“And that can happen very easily in this situation. She pulled back the reins a little bit and listened and paid attention to all of us trying to keep her safe. She really was great to work with. She is used to being coached. She is used to listening. She is used to complex tasks. She did really well in the underwater environment seeing as she had very little experience.”

For de Gelder, it was fun to see the change in Rousey’s demeanor. With each dive, she gained more confidence.

“She is one incredible human being,” he said “You know how much fun it is to do something generally you might not want to do yourself, but you go with a kid or someone who has never experienced it before. You just see it light up their face, and all of a sudden, you are having the time of your life.

“Now, I already love diving and already love sharks. But to see Ronda get into this situation and light up like a little kid in Disneyland, that just filled me with such happiness and joy. It made me appreciate it even more than I did before. It was great. That woman is really incredible to stand up to the situations we put her through.”

Rousey may not be making a career out of shark diving. However, de Gelder believes filming the show gave her a greater understanding of the work they are doing.

“I’ve already seen her promoting conservation for sharks on her social media,” he said. “She paid attention when we were all talking about conservation. She shared all that stuff. I think she is going to be a great proponent in the fight for preserving the ocean and sharks.”

With the 30th anniversary of Shark Week, de Gelder couldn’t be prouder to participate in another year of shows. He takes pride in helping spread awareness to audiences through these unique programs. For him, you get a feel for the excitement and passion they have for marine life. De Gelder says they literally risk their lives to bring you Shark Week shows because the hope is viewers fall in love with these animals and to protect them.

“They are hugely under threat,” de Gelder said. “The commercial fishing industry is destroying our oceans. Something needs to be done. Sending the message of conservation and why sharks are important is important to maintaining the health of this whole planet because that big blue thing, that’s what gives us life …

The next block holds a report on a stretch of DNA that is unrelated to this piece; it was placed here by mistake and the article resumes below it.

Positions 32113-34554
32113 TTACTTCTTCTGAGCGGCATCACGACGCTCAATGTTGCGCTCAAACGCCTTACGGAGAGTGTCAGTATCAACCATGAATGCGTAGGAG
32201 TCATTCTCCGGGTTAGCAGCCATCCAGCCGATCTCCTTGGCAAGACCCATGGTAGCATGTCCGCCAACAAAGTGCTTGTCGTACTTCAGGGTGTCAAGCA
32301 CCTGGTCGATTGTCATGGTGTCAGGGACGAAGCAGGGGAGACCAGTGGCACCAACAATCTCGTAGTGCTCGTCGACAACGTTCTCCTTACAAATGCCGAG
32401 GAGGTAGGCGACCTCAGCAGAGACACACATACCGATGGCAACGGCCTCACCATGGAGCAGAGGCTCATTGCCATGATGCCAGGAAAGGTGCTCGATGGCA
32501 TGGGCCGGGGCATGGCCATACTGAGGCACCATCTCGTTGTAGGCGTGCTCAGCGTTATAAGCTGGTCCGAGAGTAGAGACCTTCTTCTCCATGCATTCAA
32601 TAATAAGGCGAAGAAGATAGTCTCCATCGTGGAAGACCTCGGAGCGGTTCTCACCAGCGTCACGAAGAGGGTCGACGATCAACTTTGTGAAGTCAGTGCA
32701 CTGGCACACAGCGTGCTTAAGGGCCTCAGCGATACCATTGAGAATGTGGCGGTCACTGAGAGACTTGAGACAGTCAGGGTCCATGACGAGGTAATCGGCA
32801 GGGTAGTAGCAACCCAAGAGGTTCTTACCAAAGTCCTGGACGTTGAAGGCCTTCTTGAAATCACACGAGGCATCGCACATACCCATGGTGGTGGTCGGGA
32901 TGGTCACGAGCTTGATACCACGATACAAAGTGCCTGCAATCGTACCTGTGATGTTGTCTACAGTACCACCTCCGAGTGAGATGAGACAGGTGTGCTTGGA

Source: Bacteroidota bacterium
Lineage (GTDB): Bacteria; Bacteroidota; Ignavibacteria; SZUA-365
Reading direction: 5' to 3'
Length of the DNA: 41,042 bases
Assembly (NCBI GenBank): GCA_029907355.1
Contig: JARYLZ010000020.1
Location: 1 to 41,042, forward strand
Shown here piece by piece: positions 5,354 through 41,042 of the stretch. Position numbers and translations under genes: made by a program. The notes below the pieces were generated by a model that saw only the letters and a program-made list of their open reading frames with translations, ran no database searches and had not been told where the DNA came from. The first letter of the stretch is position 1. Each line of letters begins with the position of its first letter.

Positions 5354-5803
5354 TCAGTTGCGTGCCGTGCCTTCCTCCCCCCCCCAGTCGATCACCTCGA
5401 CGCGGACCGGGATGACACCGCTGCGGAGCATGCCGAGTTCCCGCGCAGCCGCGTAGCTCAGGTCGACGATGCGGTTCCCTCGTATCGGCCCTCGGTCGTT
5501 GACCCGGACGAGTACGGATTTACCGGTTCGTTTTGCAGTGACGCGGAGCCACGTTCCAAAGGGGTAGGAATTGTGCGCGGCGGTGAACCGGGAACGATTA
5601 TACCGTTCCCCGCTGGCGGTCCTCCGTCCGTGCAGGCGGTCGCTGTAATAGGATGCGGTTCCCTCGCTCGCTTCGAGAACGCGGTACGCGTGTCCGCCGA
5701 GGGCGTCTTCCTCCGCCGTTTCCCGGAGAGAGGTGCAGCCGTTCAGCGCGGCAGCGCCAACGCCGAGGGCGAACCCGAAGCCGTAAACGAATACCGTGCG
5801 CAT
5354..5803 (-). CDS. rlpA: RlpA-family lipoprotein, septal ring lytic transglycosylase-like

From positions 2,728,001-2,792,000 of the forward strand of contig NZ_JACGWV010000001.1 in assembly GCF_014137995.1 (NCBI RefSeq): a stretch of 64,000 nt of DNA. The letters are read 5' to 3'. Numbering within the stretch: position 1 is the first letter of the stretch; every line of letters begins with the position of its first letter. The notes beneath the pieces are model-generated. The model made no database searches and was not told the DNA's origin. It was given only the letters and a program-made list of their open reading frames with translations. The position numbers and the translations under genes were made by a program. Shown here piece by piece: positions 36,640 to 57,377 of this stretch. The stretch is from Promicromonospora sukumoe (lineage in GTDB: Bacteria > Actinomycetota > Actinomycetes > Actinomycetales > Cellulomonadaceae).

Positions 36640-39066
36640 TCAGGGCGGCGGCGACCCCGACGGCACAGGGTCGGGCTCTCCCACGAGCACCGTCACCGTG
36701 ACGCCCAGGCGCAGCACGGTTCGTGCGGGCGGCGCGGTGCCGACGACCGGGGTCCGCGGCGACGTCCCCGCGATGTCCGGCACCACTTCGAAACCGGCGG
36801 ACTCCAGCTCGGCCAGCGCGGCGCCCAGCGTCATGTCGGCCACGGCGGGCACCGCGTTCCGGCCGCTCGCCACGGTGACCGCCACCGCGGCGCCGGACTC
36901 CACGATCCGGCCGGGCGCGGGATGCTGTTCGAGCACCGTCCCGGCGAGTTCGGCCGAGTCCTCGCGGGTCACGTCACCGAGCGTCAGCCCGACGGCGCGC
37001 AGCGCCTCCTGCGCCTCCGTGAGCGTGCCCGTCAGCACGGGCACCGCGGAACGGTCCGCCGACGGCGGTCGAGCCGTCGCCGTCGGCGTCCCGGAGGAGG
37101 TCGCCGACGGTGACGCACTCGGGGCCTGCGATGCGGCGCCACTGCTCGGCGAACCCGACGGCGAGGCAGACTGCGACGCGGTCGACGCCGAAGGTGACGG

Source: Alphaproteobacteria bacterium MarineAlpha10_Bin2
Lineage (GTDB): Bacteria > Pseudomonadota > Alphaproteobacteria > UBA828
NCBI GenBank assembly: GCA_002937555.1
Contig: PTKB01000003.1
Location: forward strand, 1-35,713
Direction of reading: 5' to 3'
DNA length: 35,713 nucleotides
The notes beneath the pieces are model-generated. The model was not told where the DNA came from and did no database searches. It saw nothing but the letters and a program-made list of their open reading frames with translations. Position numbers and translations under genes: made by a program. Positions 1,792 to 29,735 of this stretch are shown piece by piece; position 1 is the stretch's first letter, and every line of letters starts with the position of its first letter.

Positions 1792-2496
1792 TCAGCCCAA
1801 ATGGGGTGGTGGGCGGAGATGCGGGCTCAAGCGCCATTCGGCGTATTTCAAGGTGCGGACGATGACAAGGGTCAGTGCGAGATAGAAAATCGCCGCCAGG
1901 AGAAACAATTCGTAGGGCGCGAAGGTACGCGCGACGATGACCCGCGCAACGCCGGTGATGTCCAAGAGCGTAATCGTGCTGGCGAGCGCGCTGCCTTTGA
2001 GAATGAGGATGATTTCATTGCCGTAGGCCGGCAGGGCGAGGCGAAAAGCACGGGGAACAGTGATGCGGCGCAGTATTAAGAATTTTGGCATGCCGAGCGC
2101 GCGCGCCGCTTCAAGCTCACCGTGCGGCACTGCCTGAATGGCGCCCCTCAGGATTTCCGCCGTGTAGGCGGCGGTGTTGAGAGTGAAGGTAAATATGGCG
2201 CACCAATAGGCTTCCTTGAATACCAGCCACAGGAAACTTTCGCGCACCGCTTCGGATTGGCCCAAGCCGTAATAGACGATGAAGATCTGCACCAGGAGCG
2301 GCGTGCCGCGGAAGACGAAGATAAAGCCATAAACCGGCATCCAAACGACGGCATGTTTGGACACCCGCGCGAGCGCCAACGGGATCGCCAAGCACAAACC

“I think what a lot of people don’t understand about Shark Week is that Discovery Channel throws so much money in the science of Shark Week and science of sharks,” de Gelder said.

“People watching. Some people don’t like Shark Week, and I think it’s because they don’t understand. They throw more money into shark conservation and more money into shark science than almost anyone else. You can never change something if you don’t like it from the outside. You can only do that from the inside.


“The fact that I get to be a part of this iconic brand and learn from the science they’ve used and be a part something much bigger than myself and learn all this science stuff and be able to share it with the whole globe. It’s incredibly enriching. It’s incredibly rewarding for me. It gives me a great sense of value and purpose.”

Shark Week 2018 airs Sunday, July 22, through Sunday, July 29, Discovery Channel

Ronda Rousey Uncaged, Sunday, July 22, 10/9c, Discovery Channel

You can also catch Paul de Gelder on other Shark Week 2018 shows, including Sharkwrecked at 9/8c on July 26 and Bloodline: The Spawn of Jaws at 9/8c on July 27.